Early Christian basilica

The basilica is 17 m long and 6.75 m wide, and has an east-west orientation. It was constructed in untreated stone with plaster. It had a semi-circular apse, and it is strengthened with counterforts on the outside. On the inside, there was a painted stone bench against the wall. The altar was fenced with thin marble slabs, inserted into slots of slender stone columns, which are only preserved in fragments. Between the stone remains of the entrance door, a shallow relief with a triangular end was found, which is kept in the Archaeological Museum in Zadar. Window fragments have also been found – marble grilles which form a chessboard. This type of construction suggests that this basilica dates back to the 6th century. It is interesting that the entrance was set laterally and approached from the narthex, a six-column porch lobby. Its western corner featured a stone grave. From the southern side of the basilica there were four rooms, of which the central ones were in direct ritual function, while the lateral ones contained sarcophagi and graves. The remains of the basilica were preserved from 1978 to 1981.

The church of St. Luke

St. Luke, constructed in the 11th century by the old trail connecting the two largest settlements of the island of Lastovo, the town of Lastovo and Ubli, is the oldest church on the island. It was restored and decorated in 1954, and is also the oldest church on the island in which church rituals are still performed.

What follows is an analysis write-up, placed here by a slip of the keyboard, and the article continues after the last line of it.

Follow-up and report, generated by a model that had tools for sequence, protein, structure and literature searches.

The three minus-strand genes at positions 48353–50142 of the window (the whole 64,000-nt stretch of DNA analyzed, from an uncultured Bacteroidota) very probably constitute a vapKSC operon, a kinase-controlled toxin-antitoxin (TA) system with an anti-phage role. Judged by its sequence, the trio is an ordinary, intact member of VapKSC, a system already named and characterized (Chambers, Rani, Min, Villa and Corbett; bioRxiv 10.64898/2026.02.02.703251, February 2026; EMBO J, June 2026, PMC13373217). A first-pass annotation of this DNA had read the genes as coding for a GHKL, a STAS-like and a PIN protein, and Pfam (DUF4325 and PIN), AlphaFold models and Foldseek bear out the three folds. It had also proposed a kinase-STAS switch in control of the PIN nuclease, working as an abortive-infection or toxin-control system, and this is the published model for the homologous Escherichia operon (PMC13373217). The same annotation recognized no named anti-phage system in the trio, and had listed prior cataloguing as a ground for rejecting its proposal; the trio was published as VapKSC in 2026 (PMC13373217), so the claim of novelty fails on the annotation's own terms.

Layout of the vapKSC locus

The little church has all the characteristics of pre-Romanesque sacral buildings and as such, it represents a significant monument of cultural heritage. The feast is celebrated on October 18, when a mass is also held. With a long walk along the old paths, which are now revived, you can visit all of the old churches of Lastovo’s fields and settlements.


Klačine can be found in several places on the island of Lastovo; the most attractive ones are the ones on an old forest road to Zaklopatica. The people of Lastovo used klačine to produce lime and built them near a settlement or building for which they were intended. On the outer and inner sides, a klačina was lined with stone so that half of the building is in the soil, and the other half in the shape of a dome is above the ground. On the front, there was a door, through which fire was stoked. By using high temperatures, the dome-like stone would melt and the dome would collapse. By mixing with water, slaked lime was produced, which was used for building houses, walls, etc. Stone, sand and klak were the only building materials available for construction.


Lučica is the last preserved example of a Baroque fishing village in this area of Dalmatia, where fishing has always been an important source of food and income for the local population. From the beginning of the 17th century, the people of Lastovo built stone fisherman’s houses in this narrow bay. The houses served as protection from the storm, to keep fishing gear, salt fish and boat stretching. Lučica is an important cultural and historical unit from the Middle Ages, and is easily reached from the village of Lastovo by a pleasant 10-minute walk through one of the rare examples of pure evergreen forest and evergreen oak with myrtle.